SENATE BILL REPORT
This analysis was prepared by non-partisan legislative staff for the use of legislative members in their deliberations. This analysis is not a part of the legislation nor does it constitute a statement of legislative intent.
As Passed Senate, February 9, 2016
Title: An act relating to water banking.
Brief Description: Concerning water banking.
Sponsors: Senate Committee on Agriculture, Water & Rural Economic Development (originally sponsored by Senator Honeyford).
Committee Activity: Agriculture, Water & Rural Economic Development: 1/14/16, 1/19/16 [DPS].
Passed Senate: 2/09/16, 47-0.
SENATE COMMITTEE ON AGRICULTURE, WATER & RURAL ECONOMIC DEVELOPMENT
Majority Report: That Substitute Senate Bill No. 6179 be substituted therefor, and the substitute bill do pass.
Signed by Senators Warnick, Chair; Dansel, Vice Chair; Takko, Ranking Member; Hobbs and Honeyford.
Staff: Diane Smith (786-7410)
Background: The phrase "water banking" is widely used to refer to a variety of water management practices. Water banking is typically facilitated by a public or private institution that operates in the role of broker or clearinghouse. Many banks pool water supplies from willing sellers and make them available as mitigation credits to willing buyers.
The Department of Ecology (Department) considers water banking to be an institutional mechanism that facilitates the legal transfer and market exchange of various types of surface water, groundwater, and water storage.
In 2003, legislation was passed to allow water banking in the Yakima Basin using the State Trust Water Rights Program. During the 2009 legislative session, the law was amended to clarify that this tool is available to use for banking statewide. The Washington Water Trust administers water banks in the Dungeness drainage, the Kittitas Basin, and Walla Walla.
The State Trust Water Rights Program allows either a permanent donation of a water right or a temporary donation that allows the water right holder to maintain the holder's water rights for future use without the relinquishment of the water right. Water enrolled in the program is held by the Department and put to beneficial use. Water enrolled in the State Trust Water Rights Program is held in trust and retains its original priority date.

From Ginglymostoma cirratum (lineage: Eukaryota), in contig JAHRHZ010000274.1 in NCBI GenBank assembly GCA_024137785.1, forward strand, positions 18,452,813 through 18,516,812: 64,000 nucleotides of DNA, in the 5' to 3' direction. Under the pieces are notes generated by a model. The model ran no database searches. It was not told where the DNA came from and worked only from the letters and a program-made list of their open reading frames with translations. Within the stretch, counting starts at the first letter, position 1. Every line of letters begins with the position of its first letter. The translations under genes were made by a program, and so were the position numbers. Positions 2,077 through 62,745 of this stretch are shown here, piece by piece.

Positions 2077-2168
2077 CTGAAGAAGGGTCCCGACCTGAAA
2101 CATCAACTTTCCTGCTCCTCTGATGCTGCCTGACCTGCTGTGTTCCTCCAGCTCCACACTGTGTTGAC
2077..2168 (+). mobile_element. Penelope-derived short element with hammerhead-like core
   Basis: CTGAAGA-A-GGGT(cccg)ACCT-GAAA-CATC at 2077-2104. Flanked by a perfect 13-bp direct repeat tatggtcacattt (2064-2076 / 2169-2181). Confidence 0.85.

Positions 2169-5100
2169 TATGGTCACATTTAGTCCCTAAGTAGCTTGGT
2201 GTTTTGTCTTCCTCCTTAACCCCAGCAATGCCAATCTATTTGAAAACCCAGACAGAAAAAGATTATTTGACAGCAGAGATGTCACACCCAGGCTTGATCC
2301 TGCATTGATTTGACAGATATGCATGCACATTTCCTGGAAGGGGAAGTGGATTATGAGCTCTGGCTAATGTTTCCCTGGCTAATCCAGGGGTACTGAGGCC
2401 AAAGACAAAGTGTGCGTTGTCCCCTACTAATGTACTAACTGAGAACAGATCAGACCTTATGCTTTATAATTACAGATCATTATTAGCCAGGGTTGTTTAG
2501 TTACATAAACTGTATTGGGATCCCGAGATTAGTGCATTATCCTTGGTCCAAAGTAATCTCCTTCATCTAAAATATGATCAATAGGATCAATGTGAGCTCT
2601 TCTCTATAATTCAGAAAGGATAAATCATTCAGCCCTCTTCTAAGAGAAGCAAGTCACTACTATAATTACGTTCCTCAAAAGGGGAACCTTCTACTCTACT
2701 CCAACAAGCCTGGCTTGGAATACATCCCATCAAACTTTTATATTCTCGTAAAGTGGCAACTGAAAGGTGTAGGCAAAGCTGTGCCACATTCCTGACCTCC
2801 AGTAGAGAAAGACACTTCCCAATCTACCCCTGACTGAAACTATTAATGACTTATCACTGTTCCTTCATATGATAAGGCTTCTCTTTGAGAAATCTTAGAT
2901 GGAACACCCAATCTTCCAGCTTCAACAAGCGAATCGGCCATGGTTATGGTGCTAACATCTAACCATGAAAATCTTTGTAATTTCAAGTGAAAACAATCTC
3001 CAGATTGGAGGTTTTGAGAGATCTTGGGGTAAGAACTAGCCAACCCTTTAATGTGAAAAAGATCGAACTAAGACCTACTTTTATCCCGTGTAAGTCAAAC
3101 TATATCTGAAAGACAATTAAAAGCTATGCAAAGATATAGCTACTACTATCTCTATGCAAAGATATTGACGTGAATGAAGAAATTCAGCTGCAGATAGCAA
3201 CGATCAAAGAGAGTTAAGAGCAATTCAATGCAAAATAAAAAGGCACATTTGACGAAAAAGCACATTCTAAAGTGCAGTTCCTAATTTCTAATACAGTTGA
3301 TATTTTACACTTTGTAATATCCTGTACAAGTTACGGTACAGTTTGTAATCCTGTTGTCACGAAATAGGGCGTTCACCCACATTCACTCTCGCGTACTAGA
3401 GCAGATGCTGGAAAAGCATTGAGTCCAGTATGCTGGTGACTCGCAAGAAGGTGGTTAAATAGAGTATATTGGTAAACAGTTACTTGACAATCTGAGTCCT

Under the state building code, adequate water supply for the intended use of the proposed building is required in order to receive a building permit. Counties and cities may condition a building permit on the applicant's connecting to an existing public water system that is ready, willing, and able to provide safe and reliable potable water.
The Department is prohibited from using water banking for four stated purposes, one of which prohibits the issuance of temporary water rights from a water bank when the new potable use requires an adequate and reliable water supply.
The Department must maintain information about water banking on its website.
Summary of Substitute Bill: For the purpose of providing mitigation of water resource impacts, the Department must use an adequate water supply.
The Department must include on its website a schedule showing the amount charged by each water bank for mitigation; the priority date; and the amount of water made available for mitigation. The Department must update the schedule quarterly. Water banks must provide the necessary information to the Department upon request. The Department may display this information in the form of a table.
Fiscal Note: Available.
Committee/Commission/Task Force Created: No.
Effective Date: Ninety days after adjournment of session in which bill is passed.
Staff Summary of Public Testimony on Original Bill: PRO: Water banking should not be used for speculation or profit in this state. This bill assures that real, wet water is identified as such when it is available from water banks. The bill also ensures that the public has a transparent mechanism for comparing this water's availability from various water banks. Local permitting authorities must require potable water appropriate to the building proposed, in compliance with the Building Code. The same standard should be used here so as not to create confusion and to protect the permitting authorities and the water banks. Commercial level buying and selling of water rights should be distinguished from the consumer's needs for transactional transparency. The double negative used in the bill is confusing and could be rewritten to say the same thing in a more accessible way. The price should be disclosed in addition to the quantity offered, the water right's priority date and, whether the amount offered is for indoor or outdoor use.
OTHER: Two associations have not yet completed the vetting process on this bill. There are recent court cases to consider in the movement of water.
Persons Testifying on Original Bill: PRO: Senator Honeyford, Prime Sponsor; Jim Halstrom; Bill Clarke, Kittitas County; Washington REALTORS; David Christensen, Department of Ecology; bruce wishart, CELP / Sierra Club; Paul Eisenberg, Suncadia.
OTHER: Laura Berg, WA State Assoc of Counties; Evan Sheffels, Wa Farm Bureau.
Persons Signed In To Testify But Not Testifying: No one.